The other scenario, commonplace within marginalized communities, are bans that flow not from evidence of real world harm flowing from the user’s speech, but from the SMC’s failure to comprehend the context in which the user is operating. It is in this scenario that Syrian human rights activists have found themselves booted from social media platforms for documenting the violence unfolding around them, which the SMCs human and/or algorithmic moderators have (mis)read as inciting violence. The policy failure here lies with the SMCs that did not invest enough resources to acquire the localized cultural competence needed to fairly enforce their own standards in the markets they entered.
De-platforming is a blunt instrument. Even when triggered by genuine incitement, a ban necessarily sweeps up any innocuous speech that a user may also have posted. Claims by Trump supporters that the president has lost his ability to speak through de-platforming are overwrought; when SMCs ban State actors from their sites, those actors still have other media outlets they can use to speak publicly. But for non-State actors, a ban can indeed squash their voice in an overbroad manner. And when such bans are based on an inaccurate understanding of the user’s speech – as has been the case with scores of human rights activists worldwide – the loss of voice compounds the harms often already underway in their communities. In theory, SMC efforts to strengthen the legitimacy of their content removal decisions through, for example, the work of the Facebook Oversight Board, should help. In practice, Jenny Domino warns, the Board risks doubling down on the Western-centric assumptions already implicit in de-platforming decisions.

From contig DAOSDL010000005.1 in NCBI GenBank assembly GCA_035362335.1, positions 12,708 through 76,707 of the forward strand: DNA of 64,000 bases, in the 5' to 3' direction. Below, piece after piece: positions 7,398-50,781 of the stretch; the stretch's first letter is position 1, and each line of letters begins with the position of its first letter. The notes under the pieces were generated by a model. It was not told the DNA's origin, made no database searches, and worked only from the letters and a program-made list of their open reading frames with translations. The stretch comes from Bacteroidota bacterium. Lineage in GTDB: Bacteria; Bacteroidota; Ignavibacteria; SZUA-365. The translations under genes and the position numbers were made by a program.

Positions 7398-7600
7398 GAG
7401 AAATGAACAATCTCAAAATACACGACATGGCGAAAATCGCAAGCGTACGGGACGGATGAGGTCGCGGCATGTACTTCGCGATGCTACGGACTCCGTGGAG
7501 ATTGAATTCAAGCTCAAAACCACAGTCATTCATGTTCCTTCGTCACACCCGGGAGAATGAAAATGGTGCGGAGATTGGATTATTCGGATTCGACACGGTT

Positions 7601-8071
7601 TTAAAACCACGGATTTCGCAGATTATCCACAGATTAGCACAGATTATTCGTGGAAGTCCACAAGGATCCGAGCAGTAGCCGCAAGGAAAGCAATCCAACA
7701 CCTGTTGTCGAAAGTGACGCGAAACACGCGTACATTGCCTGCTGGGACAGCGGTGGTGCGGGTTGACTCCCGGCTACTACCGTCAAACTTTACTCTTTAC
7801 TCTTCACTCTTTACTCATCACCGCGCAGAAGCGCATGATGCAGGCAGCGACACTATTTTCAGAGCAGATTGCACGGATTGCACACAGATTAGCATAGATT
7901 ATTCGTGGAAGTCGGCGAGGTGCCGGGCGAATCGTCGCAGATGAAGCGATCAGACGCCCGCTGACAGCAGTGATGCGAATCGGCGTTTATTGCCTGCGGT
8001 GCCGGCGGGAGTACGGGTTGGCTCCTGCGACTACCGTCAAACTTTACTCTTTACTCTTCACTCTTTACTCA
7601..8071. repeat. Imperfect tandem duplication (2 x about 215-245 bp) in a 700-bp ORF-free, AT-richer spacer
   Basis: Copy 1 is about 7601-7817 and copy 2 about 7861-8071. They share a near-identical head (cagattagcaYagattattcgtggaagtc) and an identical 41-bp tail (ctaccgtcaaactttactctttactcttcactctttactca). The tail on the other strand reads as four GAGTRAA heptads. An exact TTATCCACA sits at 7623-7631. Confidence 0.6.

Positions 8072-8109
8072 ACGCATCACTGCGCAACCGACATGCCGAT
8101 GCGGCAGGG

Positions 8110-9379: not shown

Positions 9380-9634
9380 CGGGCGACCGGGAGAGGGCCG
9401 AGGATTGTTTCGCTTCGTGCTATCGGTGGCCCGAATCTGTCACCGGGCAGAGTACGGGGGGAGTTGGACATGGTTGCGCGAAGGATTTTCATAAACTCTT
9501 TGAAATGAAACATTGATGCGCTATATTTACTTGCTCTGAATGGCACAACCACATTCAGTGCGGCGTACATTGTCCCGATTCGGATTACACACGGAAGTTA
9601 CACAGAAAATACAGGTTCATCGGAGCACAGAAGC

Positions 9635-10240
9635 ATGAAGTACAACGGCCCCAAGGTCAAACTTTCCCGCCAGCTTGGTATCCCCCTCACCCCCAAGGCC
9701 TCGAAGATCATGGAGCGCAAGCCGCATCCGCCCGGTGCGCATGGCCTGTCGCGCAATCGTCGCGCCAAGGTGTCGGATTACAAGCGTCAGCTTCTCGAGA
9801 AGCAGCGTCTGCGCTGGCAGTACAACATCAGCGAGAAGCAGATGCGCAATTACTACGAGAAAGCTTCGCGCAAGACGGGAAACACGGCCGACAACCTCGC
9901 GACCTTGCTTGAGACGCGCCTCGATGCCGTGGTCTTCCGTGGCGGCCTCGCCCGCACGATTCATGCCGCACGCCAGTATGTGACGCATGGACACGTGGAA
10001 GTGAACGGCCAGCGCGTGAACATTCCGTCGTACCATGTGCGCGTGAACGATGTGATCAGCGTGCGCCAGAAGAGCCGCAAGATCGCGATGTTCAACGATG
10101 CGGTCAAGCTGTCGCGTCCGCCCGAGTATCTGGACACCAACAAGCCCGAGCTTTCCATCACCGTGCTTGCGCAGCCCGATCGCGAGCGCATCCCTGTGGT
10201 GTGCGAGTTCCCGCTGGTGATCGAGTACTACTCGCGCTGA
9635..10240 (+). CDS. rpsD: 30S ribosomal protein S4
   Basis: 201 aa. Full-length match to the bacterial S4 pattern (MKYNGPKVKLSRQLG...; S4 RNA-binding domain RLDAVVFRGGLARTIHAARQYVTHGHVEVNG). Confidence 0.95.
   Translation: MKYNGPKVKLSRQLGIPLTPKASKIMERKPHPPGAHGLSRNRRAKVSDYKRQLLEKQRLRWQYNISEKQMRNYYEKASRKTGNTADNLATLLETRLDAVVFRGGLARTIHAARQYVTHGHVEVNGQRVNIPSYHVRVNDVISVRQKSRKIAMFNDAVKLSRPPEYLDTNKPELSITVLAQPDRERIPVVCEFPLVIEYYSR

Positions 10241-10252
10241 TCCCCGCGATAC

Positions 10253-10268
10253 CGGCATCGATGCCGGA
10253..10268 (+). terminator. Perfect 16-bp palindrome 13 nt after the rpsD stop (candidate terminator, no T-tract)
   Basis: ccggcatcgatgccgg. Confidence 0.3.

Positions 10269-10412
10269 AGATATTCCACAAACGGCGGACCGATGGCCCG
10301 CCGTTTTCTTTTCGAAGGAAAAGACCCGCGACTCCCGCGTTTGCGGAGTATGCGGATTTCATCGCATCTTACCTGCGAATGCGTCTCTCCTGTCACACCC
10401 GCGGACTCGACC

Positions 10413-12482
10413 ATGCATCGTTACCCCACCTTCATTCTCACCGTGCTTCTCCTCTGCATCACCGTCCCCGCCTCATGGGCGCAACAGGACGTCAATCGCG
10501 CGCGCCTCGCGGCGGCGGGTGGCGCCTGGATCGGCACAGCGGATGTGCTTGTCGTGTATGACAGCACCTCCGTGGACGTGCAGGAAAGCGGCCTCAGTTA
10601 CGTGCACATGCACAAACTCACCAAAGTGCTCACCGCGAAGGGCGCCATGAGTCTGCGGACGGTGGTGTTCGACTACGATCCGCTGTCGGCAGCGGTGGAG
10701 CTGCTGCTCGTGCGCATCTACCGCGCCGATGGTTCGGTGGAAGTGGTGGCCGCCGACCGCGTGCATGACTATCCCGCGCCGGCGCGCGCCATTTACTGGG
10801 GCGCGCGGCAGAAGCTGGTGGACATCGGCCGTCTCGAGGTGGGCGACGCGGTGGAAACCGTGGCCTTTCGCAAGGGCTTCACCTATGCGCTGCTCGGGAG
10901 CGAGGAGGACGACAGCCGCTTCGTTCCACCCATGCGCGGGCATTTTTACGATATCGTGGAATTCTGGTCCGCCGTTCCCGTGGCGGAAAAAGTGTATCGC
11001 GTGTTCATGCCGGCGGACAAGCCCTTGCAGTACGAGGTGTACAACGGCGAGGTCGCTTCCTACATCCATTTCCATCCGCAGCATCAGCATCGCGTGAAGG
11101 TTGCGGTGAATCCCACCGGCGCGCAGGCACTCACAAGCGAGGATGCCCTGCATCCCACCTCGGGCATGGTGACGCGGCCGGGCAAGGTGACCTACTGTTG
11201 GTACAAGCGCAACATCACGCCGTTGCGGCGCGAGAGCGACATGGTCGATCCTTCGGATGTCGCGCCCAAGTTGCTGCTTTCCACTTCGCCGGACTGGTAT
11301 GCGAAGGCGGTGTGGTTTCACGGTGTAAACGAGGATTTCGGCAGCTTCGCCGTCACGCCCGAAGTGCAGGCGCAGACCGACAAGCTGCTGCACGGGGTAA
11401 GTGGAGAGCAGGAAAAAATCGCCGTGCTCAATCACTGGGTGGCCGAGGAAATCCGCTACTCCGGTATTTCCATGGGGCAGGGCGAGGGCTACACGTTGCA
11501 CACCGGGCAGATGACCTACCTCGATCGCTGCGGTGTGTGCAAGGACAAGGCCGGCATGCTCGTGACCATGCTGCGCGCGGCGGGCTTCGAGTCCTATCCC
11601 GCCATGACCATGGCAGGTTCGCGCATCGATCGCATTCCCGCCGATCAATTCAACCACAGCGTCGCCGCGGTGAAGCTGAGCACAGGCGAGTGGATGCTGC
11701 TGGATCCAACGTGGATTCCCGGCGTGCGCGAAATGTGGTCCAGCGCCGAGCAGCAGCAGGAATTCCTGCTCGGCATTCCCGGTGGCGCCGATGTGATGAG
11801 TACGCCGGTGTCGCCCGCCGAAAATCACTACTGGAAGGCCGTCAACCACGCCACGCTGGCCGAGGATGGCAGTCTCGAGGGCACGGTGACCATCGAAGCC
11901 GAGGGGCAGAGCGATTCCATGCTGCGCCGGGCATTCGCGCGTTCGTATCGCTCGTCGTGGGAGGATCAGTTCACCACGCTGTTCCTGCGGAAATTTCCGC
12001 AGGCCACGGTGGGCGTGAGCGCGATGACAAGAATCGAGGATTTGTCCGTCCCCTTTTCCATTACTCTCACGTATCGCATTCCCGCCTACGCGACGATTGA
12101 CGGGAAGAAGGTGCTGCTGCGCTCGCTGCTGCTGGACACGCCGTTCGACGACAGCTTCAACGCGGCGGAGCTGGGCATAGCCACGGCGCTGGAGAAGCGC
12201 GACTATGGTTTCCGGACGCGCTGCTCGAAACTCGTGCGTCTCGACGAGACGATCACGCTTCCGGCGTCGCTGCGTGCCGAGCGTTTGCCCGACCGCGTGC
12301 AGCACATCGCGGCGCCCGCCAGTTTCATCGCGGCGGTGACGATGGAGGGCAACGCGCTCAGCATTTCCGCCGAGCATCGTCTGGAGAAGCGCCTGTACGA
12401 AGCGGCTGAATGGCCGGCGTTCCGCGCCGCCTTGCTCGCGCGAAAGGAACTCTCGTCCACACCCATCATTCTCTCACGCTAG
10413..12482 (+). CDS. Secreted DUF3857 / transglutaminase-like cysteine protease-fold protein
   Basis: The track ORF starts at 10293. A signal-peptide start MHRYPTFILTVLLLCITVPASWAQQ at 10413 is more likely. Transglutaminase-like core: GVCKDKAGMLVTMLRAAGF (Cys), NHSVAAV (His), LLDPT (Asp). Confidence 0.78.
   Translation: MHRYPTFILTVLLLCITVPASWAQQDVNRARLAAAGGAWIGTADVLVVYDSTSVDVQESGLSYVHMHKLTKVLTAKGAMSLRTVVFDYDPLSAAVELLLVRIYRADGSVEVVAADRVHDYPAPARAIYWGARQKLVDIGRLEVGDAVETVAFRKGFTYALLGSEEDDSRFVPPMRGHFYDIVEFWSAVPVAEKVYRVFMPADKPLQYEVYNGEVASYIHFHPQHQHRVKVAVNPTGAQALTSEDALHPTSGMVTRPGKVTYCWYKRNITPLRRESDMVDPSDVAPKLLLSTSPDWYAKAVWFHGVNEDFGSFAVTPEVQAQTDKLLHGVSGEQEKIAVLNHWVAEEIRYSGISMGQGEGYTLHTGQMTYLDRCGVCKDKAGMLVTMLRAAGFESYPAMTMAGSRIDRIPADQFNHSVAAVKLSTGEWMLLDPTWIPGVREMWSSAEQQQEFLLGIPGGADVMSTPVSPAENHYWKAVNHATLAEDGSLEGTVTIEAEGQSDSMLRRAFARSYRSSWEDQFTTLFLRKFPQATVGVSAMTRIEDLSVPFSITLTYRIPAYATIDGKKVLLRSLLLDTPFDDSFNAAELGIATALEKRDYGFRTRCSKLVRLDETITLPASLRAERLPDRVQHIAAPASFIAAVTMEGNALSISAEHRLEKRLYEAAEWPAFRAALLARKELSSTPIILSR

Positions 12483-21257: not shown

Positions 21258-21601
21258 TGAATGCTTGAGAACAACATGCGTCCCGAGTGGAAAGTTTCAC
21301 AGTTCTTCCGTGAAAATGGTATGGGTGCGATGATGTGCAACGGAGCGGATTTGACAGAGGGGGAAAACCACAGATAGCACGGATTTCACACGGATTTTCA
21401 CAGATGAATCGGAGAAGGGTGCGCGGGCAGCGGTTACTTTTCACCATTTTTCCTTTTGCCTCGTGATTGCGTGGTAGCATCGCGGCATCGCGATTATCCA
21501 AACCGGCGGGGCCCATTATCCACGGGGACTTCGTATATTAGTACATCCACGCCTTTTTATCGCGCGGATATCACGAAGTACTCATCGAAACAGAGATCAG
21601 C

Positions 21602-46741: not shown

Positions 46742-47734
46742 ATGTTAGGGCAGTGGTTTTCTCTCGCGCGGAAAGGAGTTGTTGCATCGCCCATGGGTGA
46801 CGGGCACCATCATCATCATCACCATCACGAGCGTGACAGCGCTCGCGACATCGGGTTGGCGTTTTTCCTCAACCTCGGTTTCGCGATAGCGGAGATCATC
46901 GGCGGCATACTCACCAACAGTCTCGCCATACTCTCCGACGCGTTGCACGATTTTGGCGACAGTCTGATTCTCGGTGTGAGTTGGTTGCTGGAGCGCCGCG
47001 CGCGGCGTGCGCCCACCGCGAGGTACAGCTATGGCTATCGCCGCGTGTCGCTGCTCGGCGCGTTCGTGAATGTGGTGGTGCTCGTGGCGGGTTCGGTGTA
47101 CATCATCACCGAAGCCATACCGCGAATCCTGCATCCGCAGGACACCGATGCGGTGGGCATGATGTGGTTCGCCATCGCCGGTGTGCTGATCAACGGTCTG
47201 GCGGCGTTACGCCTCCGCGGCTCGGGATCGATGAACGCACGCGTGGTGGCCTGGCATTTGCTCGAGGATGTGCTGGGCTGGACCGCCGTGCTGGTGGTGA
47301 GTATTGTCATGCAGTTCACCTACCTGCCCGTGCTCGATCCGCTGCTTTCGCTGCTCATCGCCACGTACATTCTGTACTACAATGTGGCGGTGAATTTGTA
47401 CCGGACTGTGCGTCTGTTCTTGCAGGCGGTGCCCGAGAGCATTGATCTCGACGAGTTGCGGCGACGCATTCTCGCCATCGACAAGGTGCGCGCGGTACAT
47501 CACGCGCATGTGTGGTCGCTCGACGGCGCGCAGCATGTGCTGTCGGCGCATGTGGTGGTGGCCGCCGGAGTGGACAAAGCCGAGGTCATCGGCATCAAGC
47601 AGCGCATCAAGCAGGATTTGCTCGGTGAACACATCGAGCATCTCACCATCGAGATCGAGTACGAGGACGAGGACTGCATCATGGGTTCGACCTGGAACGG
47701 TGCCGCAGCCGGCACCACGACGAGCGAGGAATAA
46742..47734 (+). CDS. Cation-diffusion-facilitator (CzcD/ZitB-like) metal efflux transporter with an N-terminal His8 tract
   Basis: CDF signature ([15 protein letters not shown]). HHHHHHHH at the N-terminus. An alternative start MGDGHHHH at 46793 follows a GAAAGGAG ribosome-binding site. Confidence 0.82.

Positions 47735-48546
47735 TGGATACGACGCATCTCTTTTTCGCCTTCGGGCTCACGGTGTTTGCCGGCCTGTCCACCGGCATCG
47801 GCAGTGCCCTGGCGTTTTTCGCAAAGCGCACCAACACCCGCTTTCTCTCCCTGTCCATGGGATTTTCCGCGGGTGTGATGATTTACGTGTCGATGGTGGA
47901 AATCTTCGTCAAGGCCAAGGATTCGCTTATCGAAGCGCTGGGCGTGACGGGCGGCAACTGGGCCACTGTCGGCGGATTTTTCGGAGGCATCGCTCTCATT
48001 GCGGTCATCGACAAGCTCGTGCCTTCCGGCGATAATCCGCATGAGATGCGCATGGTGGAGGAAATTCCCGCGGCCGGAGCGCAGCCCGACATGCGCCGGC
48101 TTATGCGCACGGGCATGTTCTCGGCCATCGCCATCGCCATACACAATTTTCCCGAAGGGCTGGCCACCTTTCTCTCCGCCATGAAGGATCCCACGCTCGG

How to do better
SMCs face a Herculean challenge in trying to keep their platforms safe for users, and, with respect to speech that incites violence, it is inevitable that even with optimal policies in place they will continue to make mistakes. But the status quo is far from optimal. So it is worth focusing on areas for improvement. The menu is large. At the broadest level, the push for anti-trust regulation is growing. In the meantime, with respect to incitement specifically, companies need to expand the toolkit they use for responding to online hate.
Molly Land and I have discussed a prevention by design approach that requires SMCs to identify the speech conditions that are precursors to actual incitement, then use that information to guide the introduction of what engineers call friction onto their platforms. Examples include the limitations on forwarding or re-posting content, and the deployment of fact-checking labels. The major U.S. SMCs have increased their willingness and ability to build friction on their platforms to counter misinformation on COVID-19. Now they need to increase their ability to identify dangerous speech in the multitude of locales in which they operate and be willing to introduce the same types of friction to counter it.
Beyond prevention by design, and the many other concrete suggestions out there for reducing incitement, a more fundamental shift is in order. The attack on the U.S. Capitol provided a local example of the ultimate limits to having built platforms around the model of a functional liberal democracy, where State actors would seek to prevent, not instigate, violence against their own people, and where online incitement would be kept in check by an offline rule of law. Lessons from the Global South over the course of the past decade foretold the violence we saw in Washington, D.C. last week.